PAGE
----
First-Time Buyers Now Need £43,000 More Than Six Years Ago To Buy Home | TOTUM
Ben Hayward May 18th

First-time buyers now require £43,000 more than they would have needed six years ago to purchase their first home, new research has revealed. 

Since 2016, house prices for first-time buyers have been increasing by £23.89 per day on average, meaning people making their first step onto the property later are now paying an average of £223,751 for their first home.

The new data, from Direct Line Home Insurance, shows the figure is £43,623 more than it was six years ago, with certain regions seeing even sharper increases in property prices.


Burnley in Lancashire has seen house prices rise by 45% over the past five years, while the Orkney Islands in Scotland has seen prices jump by 44%. In Rossendale, property prices are up 42% while neighbouring Bury has seen rises of 40%.

However, despite these increases, the average salary of someone in their thirties has risen by just 10%, meaning the average first-time buyer's property will now set you back roughly seven times the average wage of a 30 to 39-year-old.

London remains the most expensive part of the country for first time buyers - the average price is £440,590 - with Barking and Dagenham, Hackney, Waltham Forest, Redbridge and Havering all seeing the largest jumps with increase of over £55,000 on average over the period. 

Head of Direct Line Home Insurance, Dan Simson, said: “The rate at which FTB prices have been increasing is frankly frightening.


“However, this generation of property owners are facing the challenge of dramatically increasing property prices in traditionally popular areas such as London and instead are buying in places that are less well known.

“We may see an even more dramatic emergence of these 'young towns & cities' with the increasing prevalence of remote working that enables people to be far more flexible as to where they live.”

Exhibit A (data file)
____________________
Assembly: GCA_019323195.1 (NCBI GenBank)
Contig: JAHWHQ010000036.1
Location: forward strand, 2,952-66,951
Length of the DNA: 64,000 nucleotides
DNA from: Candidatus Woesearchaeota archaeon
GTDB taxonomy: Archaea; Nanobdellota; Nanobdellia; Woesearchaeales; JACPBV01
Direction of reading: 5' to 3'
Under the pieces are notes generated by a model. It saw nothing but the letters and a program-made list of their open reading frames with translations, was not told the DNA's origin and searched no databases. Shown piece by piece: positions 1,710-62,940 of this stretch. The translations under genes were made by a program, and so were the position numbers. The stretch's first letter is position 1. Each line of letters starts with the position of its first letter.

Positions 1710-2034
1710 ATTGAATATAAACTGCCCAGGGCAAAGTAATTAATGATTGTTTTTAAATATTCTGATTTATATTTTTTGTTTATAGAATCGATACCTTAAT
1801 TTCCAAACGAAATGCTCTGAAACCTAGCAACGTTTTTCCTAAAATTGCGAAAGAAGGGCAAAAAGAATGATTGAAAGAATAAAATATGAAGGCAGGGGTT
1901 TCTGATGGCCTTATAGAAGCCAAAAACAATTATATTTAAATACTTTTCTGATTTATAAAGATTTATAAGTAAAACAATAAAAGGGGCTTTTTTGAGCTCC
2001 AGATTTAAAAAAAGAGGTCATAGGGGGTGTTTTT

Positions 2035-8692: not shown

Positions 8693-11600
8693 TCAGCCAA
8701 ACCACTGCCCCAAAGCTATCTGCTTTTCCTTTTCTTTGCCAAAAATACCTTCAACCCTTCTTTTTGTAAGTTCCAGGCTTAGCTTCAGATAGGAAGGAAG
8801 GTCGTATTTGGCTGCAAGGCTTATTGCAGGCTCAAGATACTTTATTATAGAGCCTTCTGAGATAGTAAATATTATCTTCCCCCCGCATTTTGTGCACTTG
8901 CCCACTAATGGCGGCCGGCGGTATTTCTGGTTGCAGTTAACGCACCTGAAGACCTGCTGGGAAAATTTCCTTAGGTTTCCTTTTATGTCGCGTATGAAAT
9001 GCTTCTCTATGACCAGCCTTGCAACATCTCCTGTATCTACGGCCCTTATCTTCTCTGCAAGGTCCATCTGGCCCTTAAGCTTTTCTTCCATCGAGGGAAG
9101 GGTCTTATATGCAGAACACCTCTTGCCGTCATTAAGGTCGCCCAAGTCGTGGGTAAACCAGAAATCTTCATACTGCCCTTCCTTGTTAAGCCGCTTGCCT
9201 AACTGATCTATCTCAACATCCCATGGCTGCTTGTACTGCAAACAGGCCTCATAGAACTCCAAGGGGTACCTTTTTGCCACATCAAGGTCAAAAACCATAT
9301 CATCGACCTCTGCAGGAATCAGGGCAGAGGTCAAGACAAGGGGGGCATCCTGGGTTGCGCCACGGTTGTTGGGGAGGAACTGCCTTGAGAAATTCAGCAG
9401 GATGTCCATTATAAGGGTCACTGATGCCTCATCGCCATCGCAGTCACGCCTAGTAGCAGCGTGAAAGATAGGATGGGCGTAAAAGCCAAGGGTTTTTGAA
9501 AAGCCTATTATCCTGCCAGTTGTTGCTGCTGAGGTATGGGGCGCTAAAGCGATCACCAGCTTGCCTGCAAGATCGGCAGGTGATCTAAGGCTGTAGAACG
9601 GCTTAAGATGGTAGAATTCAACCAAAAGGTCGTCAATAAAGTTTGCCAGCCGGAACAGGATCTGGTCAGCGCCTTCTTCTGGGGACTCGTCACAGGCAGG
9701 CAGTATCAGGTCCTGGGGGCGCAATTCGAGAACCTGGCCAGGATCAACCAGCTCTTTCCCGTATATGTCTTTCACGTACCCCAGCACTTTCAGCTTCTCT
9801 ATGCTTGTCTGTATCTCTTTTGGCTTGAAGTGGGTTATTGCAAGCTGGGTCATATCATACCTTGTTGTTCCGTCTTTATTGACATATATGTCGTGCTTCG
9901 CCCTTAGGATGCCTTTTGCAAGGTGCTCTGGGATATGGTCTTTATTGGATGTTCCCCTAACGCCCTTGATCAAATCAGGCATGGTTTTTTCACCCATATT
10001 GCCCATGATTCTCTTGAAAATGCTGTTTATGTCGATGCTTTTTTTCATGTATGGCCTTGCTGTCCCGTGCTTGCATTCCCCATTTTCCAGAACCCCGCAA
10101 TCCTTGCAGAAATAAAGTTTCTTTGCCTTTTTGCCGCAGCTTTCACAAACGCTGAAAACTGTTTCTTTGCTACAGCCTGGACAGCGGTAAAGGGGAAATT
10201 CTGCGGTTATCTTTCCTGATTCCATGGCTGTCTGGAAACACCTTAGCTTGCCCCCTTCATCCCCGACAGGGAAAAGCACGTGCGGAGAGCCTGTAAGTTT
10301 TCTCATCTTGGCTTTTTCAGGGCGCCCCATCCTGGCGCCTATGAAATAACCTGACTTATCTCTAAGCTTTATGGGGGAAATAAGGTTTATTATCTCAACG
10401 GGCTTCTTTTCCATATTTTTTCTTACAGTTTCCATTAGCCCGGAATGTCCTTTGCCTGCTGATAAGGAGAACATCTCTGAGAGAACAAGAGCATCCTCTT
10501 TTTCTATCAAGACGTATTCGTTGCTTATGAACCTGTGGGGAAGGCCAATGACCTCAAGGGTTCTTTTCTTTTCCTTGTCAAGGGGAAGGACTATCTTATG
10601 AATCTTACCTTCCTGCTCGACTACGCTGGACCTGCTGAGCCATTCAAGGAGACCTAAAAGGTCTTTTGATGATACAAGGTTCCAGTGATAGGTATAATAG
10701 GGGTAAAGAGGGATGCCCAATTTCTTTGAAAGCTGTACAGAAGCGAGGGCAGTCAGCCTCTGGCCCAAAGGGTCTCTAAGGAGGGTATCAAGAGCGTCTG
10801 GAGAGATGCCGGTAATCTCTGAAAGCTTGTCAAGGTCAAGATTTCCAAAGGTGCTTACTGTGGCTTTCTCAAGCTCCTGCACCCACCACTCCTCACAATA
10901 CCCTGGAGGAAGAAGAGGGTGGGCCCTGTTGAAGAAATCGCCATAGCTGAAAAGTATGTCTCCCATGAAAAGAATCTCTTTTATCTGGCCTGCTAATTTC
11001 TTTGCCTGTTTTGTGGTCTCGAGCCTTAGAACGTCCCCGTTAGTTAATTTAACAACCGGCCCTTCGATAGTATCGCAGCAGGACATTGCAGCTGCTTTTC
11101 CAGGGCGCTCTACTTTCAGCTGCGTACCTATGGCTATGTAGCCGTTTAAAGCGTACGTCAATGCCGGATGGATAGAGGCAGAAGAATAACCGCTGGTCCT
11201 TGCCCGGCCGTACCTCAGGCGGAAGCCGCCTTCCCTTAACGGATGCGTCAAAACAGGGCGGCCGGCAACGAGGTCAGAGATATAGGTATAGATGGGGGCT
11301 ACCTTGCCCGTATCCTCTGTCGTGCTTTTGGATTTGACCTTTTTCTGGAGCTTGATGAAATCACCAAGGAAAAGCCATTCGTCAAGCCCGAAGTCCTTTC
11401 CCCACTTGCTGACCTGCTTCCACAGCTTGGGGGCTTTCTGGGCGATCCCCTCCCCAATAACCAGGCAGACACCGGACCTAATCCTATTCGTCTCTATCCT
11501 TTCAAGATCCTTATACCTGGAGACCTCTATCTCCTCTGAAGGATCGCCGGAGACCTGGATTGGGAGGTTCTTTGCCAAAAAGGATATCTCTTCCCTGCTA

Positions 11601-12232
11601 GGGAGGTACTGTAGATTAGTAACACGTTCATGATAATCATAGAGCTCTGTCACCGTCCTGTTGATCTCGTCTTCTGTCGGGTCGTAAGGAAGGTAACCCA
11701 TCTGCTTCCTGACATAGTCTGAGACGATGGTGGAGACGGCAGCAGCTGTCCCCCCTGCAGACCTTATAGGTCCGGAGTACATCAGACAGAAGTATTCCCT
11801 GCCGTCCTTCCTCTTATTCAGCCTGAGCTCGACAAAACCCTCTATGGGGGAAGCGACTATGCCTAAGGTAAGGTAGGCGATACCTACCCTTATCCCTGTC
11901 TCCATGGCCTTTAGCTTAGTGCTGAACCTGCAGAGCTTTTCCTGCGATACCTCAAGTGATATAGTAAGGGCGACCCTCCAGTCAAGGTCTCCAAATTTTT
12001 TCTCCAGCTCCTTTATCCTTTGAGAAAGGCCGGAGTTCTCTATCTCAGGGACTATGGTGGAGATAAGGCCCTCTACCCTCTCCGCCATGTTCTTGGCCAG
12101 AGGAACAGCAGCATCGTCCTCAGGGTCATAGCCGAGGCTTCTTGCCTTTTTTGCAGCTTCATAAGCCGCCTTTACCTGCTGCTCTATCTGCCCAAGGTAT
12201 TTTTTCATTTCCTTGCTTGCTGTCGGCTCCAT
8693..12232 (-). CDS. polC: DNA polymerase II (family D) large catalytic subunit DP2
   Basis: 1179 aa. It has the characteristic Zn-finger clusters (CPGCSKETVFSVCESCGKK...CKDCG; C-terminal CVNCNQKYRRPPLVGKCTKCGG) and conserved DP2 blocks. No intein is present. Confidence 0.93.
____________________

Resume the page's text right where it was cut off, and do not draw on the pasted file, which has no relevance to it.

As well as the prices themselves, research from last year showed that the average deposit for a house in 2020 was £57,278 - a rise of 23% from £46,449 in 2019.

However, according to the Halifax bank's index, despite the prohibitive price increases - as well as low-deposit mortgages being retracted due to coronavirus - first-time buyers still accounted for half of all home purchase loans in 2020, slightly down from 51% the previous year. 


According to Halifax, there were 304,657 first time buyers in 2020, the lowest number since 2015, and down around 46,000 from 2019, with the biggest drops seen in Wales, Northern Ireland and Scotland.

Russell Galley, managing director, Halifax, said: "Despite the obvious challenges presented by soaring house prices, not least the need to raise an even bigger deposit, first-time buyers still accounted for half of all home purchases, a reassuring statistic given their overall importance to the market.

"However, with the economic impact of the pandemic likely to be felt most keenly by the young and those in lower-paid jobs, the need to prioritise improved housing availability and affordability for all those looking to make that first step on to the property ladder becomes ever greater."

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